SANTA FE — The Public Education Department announced Friday it has accounted for almost 5,000 of the 12,000-plus New Mexico students who were enrolled in public schools last spring but not this fall and were feared to be outside the educational system.
Most of the 4,926 students are being home-schooled, are enrolled in private or Bureau of Indian Education schools, or have moved out of state. Others switched school districts or withdrew for reasons like pregnancy or to pursue a GED, Deputy Secretaries Katarina Sandoval and Gwen Perea Warniment told the Legislative Education Study Committee.
“A large number of students we previously identified as disengaged were on that list because the data in our system doesn’t show where that student is currently enrolled,” Sandoval said. “We want to track each student down. If they are attending private school, it is critical that we receive and verify that information to make sure the child is in school and safe. If a student isn’t attending school, then it’s essential that we determine what resources the student needs and get them that support.”
The PED and partner agencies continue to cross-check databases to locate and reach out to families of the remaining 7,260 students who are currently unaccounted for to assess their well-being and determine their current and future educational plans.
School districts are required to report attendance and enrollment figures to the PED at regular intervals, beginning in late October. Typically, that “40-day” attendance data would go through a weeks-long scrubbing process to ensure accuracy before being released to the public in early December. This year, PED released the unverified figure much earlier due to growing public concern about a decrease in school enrollment amid the COVID-19 pandemic.
The original 12,186 number began dwindling when the data was cross-checked with a database of students who are being homeschooled. That turned up 1,741 of the unaccounted for students. Further analysis found students on the list who had withdrawn due to pregnancy or to pursue GEDs, who were incarcerated, who transferred to private or Bureau of Indian Education schools or who had died.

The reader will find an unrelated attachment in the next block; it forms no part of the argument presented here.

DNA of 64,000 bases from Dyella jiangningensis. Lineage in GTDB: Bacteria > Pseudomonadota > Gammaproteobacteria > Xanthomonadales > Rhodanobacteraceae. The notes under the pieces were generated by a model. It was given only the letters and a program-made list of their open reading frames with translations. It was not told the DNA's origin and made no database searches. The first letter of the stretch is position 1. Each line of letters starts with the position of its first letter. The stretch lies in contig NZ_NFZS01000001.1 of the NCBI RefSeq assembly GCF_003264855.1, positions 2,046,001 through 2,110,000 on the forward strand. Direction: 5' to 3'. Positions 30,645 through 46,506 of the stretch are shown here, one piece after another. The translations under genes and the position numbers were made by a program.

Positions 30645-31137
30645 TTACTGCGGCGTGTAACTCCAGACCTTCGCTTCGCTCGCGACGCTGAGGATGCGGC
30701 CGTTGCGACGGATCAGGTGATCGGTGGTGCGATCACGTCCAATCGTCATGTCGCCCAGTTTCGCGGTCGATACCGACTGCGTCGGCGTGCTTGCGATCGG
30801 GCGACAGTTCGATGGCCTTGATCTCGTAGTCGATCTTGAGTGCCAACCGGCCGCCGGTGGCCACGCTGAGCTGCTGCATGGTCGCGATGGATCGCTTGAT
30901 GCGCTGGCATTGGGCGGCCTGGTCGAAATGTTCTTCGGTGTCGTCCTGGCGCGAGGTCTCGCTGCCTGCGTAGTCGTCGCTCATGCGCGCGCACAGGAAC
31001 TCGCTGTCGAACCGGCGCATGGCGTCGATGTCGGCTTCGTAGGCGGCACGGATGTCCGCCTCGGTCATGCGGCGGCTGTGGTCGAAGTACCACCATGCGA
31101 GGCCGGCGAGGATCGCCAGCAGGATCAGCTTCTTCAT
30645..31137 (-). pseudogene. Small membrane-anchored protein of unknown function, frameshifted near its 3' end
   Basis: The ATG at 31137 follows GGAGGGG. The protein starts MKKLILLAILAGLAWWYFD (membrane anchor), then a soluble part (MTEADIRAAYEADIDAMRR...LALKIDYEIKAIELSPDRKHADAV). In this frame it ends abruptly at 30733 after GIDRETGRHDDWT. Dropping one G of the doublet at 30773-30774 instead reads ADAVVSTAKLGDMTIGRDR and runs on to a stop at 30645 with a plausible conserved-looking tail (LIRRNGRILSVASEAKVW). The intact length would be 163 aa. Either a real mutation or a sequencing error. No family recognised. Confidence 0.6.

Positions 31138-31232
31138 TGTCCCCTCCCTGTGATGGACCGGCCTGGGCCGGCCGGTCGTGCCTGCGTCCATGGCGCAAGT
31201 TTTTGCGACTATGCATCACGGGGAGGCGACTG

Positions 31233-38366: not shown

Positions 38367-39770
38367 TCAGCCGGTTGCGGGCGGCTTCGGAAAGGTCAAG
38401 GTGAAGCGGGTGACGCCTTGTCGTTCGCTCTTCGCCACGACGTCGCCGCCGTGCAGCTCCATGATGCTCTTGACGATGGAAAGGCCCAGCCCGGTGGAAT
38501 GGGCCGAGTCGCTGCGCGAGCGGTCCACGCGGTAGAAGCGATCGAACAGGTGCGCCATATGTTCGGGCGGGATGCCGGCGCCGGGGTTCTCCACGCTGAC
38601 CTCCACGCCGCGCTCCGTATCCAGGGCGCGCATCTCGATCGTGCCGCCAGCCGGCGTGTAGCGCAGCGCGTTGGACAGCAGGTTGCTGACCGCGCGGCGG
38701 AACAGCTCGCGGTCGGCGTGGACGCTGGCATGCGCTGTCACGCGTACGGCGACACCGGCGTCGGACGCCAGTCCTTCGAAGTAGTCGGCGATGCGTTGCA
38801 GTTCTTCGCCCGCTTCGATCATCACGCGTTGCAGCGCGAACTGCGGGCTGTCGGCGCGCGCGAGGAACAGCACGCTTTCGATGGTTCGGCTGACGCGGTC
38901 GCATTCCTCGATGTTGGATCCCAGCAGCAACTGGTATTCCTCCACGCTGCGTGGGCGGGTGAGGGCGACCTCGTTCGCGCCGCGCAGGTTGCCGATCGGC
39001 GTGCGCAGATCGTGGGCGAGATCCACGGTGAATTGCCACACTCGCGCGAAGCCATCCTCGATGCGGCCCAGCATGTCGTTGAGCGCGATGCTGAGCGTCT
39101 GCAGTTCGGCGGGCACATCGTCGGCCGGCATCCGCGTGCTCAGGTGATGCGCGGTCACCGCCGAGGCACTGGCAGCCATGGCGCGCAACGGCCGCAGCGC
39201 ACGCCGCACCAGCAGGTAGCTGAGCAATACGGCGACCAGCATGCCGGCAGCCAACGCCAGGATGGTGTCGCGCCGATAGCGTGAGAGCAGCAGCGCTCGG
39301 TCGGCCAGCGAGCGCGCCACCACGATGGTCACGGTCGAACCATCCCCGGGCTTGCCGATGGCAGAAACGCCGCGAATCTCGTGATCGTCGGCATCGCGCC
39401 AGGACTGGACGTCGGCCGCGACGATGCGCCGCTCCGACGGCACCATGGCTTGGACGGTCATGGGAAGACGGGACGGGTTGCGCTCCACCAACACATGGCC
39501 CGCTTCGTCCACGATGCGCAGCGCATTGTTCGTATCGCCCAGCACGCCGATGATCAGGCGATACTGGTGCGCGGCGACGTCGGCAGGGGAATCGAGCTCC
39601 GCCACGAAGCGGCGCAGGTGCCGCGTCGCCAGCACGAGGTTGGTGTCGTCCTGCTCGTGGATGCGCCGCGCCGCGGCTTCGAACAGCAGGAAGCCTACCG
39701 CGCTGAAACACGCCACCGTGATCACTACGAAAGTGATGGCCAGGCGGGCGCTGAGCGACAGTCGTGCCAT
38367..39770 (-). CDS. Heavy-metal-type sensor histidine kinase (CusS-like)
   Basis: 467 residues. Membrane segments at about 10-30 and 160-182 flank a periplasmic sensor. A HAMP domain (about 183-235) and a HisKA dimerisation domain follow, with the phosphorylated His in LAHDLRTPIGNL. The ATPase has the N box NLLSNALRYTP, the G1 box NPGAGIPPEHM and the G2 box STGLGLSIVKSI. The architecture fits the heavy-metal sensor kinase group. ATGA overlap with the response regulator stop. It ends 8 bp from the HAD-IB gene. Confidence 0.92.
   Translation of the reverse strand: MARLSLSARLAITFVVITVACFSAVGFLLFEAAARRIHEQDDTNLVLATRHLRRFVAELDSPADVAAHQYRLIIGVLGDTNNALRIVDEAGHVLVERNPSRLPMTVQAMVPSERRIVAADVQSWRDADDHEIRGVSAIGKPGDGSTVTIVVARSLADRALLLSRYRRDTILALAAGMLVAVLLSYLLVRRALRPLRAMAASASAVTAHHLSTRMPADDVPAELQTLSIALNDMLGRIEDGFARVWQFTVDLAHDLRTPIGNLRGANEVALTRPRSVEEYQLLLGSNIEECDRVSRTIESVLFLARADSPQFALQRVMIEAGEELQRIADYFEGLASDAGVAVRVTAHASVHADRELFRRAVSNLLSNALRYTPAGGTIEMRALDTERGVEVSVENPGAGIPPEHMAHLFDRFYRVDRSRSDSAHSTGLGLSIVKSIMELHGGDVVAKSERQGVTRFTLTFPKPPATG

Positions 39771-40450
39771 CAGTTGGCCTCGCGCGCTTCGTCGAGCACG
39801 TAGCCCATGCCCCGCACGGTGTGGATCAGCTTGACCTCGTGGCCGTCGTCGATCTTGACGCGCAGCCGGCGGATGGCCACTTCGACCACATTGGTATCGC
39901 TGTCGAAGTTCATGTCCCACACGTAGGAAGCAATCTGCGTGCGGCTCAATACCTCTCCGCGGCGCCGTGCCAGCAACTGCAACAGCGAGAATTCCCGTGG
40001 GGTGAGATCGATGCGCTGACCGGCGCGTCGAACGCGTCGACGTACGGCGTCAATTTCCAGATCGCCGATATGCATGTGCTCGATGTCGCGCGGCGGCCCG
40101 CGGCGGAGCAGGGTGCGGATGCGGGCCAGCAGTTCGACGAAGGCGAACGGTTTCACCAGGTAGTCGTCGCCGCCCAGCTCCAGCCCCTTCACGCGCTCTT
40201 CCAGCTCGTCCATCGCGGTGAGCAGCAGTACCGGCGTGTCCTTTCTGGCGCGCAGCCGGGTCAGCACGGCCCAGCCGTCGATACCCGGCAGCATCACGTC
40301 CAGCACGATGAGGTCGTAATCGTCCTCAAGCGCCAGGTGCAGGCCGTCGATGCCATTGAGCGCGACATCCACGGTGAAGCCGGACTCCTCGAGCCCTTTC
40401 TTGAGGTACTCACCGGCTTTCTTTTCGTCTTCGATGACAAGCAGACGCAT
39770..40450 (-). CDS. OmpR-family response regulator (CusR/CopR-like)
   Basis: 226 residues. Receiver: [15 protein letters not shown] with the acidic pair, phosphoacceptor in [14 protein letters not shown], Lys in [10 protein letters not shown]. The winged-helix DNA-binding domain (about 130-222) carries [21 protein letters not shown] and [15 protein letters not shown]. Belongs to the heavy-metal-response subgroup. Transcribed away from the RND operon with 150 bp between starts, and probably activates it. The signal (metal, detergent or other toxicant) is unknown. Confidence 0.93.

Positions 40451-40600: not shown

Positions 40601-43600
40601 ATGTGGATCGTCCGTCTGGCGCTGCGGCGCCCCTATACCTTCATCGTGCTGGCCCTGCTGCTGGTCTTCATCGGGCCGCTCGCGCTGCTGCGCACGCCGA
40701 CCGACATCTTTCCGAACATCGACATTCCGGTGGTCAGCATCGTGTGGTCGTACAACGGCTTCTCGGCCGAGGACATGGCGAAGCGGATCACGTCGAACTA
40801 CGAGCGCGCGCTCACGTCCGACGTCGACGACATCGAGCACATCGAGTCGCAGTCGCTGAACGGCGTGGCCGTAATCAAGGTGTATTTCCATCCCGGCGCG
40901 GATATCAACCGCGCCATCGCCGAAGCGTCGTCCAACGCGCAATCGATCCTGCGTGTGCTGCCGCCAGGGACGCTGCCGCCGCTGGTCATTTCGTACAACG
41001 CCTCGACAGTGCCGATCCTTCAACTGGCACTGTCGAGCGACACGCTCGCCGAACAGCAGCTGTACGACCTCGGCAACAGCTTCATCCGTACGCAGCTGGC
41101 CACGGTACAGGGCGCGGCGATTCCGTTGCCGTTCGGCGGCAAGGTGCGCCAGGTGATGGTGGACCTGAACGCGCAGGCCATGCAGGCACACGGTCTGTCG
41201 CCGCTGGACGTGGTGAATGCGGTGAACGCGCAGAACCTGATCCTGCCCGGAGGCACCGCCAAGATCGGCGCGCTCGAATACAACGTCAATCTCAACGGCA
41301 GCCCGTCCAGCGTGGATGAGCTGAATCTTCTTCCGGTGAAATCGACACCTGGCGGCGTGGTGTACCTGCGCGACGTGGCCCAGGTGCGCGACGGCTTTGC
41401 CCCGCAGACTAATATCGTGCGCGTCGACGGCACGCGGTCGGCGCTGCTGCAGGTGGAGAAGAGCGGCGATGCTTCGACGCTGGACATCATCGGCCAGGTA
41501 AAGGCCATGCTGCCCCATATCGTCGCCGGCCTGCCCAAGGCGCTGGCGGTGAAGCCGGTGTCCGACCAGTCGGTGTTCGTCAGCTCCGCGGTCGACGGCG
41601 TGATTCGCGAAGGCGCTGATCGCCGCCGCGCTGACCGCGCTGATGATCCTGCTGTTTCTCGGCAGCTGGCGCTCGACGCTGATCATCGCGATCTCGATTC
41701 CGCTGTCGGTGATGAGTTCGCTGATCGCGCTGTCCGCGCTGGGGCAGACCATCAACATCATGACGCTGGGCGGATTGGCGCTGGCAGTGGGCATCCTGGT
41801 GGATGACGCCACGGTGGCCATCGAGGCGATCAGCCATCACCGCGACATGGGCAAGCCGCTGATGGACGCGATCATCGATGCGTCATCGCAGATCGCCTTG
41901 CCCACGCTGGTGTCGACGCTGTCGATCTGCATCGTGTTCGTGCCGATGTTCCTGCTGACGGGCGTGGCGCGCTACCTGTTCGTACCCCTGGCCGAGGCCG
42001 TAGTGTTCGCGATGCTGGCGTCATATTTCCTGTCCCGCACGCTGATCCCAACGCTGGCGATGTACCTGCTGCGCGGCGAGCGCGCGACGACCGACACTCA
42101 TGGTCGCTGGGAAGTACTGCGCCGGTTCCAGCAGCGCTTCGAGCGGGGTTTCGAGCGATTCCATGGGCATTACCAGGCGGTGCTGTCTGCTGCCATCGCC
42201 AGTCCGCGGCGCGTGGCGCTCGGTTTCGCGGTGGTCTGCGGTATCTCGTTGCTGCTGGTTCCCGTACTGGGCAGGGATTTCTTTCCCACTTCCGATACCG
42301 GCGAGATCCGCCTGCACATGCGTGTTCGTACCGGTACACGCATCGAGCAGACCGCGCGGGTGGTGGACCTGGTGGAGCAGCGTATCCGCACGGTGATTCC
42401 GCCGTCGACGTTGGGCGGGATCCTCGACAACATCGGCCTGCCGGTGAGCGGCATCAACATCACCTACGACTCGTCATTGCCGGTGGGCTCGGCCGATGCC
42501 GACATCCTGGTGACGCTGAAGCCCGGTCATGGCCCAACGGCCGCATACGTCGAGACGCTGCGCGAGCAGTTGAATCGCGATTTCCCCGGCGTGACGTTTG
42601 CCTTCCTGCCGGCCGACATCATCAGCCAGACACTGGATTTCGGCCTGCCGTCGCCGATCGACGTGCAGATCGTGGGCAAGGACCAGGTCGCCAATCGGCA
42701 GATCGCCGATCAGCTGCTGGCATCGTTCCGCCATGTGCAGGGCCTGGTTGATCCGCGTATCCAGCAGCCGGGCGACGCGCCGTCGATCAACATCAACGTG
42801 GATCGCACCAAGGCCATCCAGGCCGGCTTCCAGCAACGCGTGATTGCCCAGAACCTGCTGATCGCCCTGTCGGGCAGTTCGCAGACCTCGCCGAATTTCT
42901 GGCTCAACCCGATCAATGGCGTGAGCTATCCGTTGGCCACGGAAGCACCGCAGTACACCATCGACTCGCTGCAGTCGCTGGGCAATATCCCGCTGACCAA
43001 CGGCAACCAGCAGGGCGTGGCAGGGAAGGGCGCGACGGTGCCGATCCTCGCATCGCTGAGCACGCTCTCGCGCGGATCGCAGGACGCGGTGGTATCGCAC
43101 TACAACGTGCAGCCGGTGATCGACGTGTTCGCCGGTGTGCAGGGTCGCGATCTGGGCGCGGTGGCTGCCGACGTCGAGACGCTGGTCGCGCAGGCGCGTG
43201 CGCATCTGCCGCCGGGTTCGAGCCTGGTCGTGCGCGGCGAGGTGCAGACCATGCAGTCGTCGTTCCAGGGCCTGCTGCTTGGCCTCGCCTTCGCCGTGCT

Next, the PED’s database is being cross-checked this week with more current data held by 13 of the state’s most densely populated school districts. That process accounted for 3,185 additional students on the list of 12,000 and will account for more students as this process continues.
Combined, these districts account for the vast majority of the 12,000-plus students who were enrolled in New Mexico public schools last spring but not this fall.
Accounting for all New Mexico students is a priority effort for the PED, school districts and four other state agencies: Children, Youth and Families; Early Childhood Education and Care; Human Services, and Indian Affairs. The Graduation Alliance, under contract with PED, is another partner.
“This has been an all-hands-on-deck effort. Locating these students, supporting all their needs the best we can and getting them re-engaged ASAP is a top priority,” Public Education Secretary Ryan Stewart said.
School districts have been working since August to find their disenrolled students, and that effort continues. For example, Los Alamos Public Schools reported a decrease of more than 200 students from March to October. This week, Superintendent Kurt Steinhaus said all had been accounted for, with 101 in homeschool and 112 enrolled in another school district or private school.
“It’s a huge relief to know these students are safe and receiving educational services. The school districts and charter schools involved have done a tremendous job in verifying that,” Stewart said.
PED and its partner, the Graduation Alliance, kicked off the state-level outreach two weeks ago by mailing letters to every name on the list. As of Thursday, 738 families had responded — a 6 percent response rate, which is above industry standard for an external survey. Of those, 624 students are still in New Mexico and 114 families have moved out of state.
The survey responses found only 21 students receiving no schooling at all. Three of those have requested an academic coach through Engage NM to help them get re-enrolled. Outreach to the others continues.
New Mexico reacted very early in the pandemic to support students and families who were transitioning to online learning for the first time. The result was Engage NM, a tiered system created in April by the PED and Graduation Alliance to support districts and charter schools with students who weren’t logging into school.
Districts that opted into the program refer their students who are struggling or disengaged; Engage NM provides them with a personal academic coach to help them overcome social, emotional and academic barriers preventing school success.
This fall only, New Mexico school districts have referred 32,348 students to Engage NM. Engage counselors have contacted 12,400 families so far, with 9,400 families opting in to coaching.